Having a loved one in prison can be hard enough for a family. But, one thing making that process more challenging is coping with a loved one incarcerated in a foreign country. Continue reading to learn more about the International Prisoner Transfer Treaty Program. Here we discuss federal prison treaty transfers.
Whether you are a U.S. citizen and incarcerated in another country or a foreign national held in the United States, it is entirely understandable that you would want to serve your sentence in your home country — where you are closer to your family.
This program permits the United States Department of Justice and Department of State to transfer foreign prisoners to their home countries and seek the transfer of Americans detained abroad.
Table of contents
- International Prisoner Transfer Program
- How the International Prisoner Transfer Treaty Program Works
- Different Groups of Eligible Prisoners
- Evaluating Inmates for International Prisoner Transfer Treaty Requests
- International Prisoner Transfer Program Countries
- International Prisoner Treaty Transfer Procedures for Release
- Your International Prisoner Transfer Treaty Experts
International Prisoner Transfer Program
In 1977, the International Prisoner Transfer Program began with Congress passing legislation. The federal government started negotiating treaties with other countries allowing prisoners arrested in foreign countries to return to their home countries to serve their sentences.
The goal of this program was to allow the United States to transfer prisoners (in either state or federal prison) back to their home countries and bring home U.S. citizens convicted abroad to serve their sentences back in the United States. The United States has transfer treaties with 83 countries.
How the International Prisoner Transfer Treaty Program Works
Navigating the International Treaty Transfer Program is complicated, as with all federal matters. This is particularly the case for those wanting to serve the rest of their sentence in their home country.
Luckily, there are resources you can use — such as federal prison consulting services — to help you better understand the process.
Additionally, the Federal Bureau of Prisons provides a general outline of how the program works to help you better understand what it can and cannot do.
Many criteria mark whether or not an inmate is eligible for a treaty transfer. Some requirements include:
- The inmate is a citizen of a foreign country that has a treaty relationship with the United States.
- The inmate is a citizen of the United States and is convicted in a foreign country with a treaty relationship with the United States.
- The inmate has not committed a military offense.
- The inmate is not sentenced to the death penalty.
- The inmate has not been convicted of a political offense.
- The inmate has at least six months remaining in their sentence when the transfer is requested.
- If the inmate is Mexican, they must not be serving a sentence imposed of life.
- If the inmate is Mexican, they must not have a conviction for an immigration law violation unless under specific circumstances.
The international prisoner transfer treaty approval process is relatively straightforward. After making the request, if the inmate satisfies the criteria for the transfer, they are scheduled for a verification of consent hearing with a magistrate judge. The judge and the inmate must either agree or disagree with the transfer at that time. If the inmate consents, the foreign country is notified, and the transfer to that country is scheduled.
The inmate cannot transfer unless the U.S. and foreign countries approve the request. If a request is denied, the inmate will be able to re-apply for a transfer two years after the denial took place.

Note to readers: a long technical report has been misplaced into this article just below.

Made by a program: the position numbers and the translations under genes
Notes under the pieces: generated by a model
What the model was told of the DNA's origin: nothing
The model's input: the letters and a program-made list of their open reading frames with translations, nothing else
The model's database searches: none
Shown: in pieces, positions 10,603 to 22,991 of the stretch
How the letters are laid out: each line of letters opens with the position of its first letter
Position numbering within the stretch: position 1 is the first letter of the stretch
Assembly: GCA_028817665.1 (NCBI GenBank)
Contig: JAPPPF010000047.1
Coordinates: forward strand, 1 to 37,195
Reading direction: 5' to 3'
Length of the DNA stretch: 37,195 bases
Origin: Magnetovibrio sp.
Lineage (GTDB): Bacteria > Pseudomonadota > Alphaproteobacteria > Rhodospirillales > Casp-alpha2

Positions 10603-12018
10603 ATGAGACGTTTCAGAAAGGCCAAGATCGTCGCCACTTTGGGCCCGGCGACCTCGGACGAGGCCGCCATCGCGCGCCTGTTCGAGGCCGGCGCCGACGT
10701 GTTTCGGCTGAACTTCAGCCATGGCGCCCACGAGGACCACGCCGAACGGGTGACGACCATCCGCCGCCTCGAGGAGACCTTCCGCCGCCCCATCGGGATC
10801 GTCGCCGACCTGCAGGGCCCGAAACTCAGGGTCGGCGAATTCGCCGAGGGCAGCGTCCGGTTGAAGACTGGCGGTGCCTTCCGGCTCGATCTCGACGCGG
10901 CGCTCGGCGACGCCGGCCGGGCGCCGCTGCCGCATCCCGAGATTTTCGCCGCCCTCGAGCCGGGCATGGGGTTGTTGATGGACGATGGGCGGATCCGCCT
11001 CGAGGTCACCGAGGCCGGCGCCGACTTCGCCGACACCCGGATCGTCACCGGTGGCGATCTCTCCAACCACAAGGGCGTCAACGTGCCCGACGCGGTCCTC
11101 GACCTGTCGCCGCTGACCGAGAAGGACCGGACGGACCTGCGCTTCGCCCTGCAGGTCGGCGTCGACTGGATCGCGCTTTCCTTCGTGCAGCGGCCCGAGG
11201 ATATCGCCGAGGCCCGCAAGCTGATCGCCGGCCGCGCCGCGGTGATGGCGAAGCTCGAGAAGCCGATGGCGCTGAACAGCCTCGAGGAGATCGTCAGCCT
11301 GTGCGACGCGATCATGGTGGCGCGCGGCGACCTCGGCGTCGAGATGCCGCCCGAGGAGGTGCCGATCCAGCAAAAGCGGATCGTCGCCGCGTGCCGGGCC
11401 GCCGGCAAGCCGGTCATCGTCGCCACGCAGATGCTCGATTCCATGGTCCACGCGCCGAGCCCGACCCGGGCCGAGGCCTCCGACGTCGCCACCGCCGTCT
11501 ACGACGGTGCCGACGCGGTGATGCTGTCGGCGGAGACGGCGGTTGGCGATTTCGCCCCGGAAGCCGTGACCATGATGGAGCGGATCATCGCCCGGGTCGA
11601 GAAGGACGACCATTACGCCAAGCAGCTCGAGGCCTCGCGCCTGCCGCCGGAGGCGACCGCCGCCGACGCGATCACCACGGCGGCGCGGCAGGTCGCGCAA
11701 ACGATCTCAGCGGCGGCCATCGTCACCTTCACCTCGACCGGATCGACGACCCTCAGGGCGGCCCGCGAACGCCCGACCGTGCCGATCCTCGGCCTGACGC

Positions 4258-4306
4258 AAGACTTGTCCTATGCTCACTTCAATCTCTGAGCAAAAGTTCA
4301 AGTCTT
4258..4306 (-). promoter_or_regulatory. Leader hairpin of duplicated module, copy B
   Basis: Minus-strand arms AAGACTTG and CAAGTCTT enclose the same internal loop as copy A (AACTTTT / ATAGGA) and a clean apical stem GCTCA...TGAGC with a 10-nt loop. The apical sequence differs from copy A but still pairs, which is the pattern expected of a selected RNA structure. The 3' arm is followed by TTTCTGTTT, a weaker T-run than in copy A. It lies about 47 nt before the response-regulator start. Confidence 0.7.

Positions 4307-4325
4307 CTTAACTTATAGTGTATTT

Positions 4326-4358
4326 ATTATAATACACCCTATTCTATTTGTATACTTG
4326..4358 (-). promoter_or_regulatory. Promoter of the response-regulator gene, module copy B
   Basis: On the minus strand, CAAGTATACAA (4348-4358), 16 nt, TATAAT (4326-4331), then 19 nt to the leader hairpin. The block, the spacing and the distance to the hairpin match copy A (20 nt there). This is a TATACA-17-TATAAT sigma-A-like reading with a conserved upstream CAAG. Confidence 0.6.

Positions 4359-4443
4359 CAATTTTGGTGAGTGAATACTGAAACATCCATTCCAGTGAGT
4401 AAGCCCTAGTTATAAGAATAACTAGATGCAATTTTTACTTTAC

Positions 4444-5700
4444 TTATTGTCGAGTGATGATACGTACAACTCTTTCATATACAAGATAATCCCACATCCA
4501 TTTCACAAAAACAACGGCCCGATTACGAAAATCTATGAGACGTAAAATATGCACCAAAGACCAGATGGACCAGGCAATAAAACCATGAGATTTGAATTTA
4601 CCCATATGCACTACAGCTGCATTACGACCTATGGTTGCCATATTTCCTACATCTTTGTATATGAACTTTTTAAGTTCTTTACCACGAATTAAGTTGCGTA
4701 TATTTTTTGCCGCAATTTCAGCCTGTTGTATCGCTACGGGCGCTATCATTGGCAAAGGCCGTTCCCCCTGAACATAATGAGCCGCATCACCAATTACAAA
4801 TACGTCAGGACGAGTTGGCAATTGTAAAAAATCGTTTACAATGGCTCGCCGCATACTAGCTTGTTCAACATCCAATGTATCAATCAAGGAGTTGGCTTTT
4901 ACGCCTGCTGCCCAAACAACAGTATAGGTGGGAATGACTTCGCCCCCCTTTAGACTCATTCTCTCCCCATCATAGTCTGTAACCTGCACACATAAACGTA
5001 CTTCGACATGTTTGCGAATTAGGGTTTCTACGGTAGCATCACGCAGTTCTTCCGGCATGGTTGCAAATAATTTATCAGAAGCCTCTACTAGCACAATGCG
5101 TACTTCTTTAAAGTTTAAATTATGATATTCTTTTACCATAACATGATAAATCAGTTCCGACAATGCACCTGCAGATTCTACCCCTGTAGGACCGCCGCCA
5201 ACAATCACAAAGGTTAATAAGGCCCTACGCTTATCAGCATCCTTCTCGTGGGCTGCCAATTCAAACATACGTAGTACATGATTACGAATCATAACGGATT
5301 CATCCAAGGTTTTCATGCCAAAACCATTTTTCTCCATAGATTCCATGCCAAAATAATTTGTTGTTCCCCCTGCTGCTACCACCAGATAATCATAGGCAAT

This is, however, only if the denial was on the part of the United States. If the inmate’s home country were the one to deny the request, the inmate would need to discuss this with their consulate if they are dissatisfied with the decision.
Different Groups of Eligible Prisoners
Three different groups of prisoners are eligible for the International Treaty Transfer Program, including:
- Foreign nationals in U.S. Federal prisons
- Foreign nationals in U.S. state prisons
- Americans in foreign prisons
It is important to note that transfer eligibility depends on whether or not there is a treaty relationship between the United States and the foreign country. In other words, if there is no treaty between the two countries, the transfer cannot occur.
Foreign Nationals in Federal Prisons
The first group of eligible prisoners for treaty transfers is foreign nationals who have been arrested and incarcerated in United States federal prisons. These individuals are eligible to apply for federal prison treaty transfers. These sentences are initially served in the United States.
If they meet the criteria needed for transfer, their home countries are notified, and if they support the transfer (with the United States government agreeing), the approval process begins. If successful federal prison treaty transfers allow these inmates to transfer to their home country.
Foreign Nationals in State Prisons
The second group of prisoners eligible for transfer is foreign nationals incarcerated in U.S. state prisons. These individuals can apply for a transfer if they meet the authorization criteria.
If both the United States and that individual’s home country support the transfer, the approval process begins, and the transfer is scheduled.
Americans in Foreign Prisons
The final group of eligible prisoners to apply for treaty transfers is American citizens incarcerated in foreign prisons. If the prison they are committed to is in a country with a treaty relationship with the United States, the individual can apply for a transfer back to the United States.
If both the incarcerating country and the United States approve of the transfer, the individual can proceed with the consent verification hearing, and the approval process begins.
Evaluating Inmates for International Prisoner Transfer Treaty Requests
Not all inmates are eligible for a treaty transfer. This only applies to inmates whose home countries have a transfer treaty agreement with the United States. Foreign nationals and U.S. citizens in these circumstances can not apply for transfer. Additionally, inmates held on political or military charges are not eligible for treaty transfers.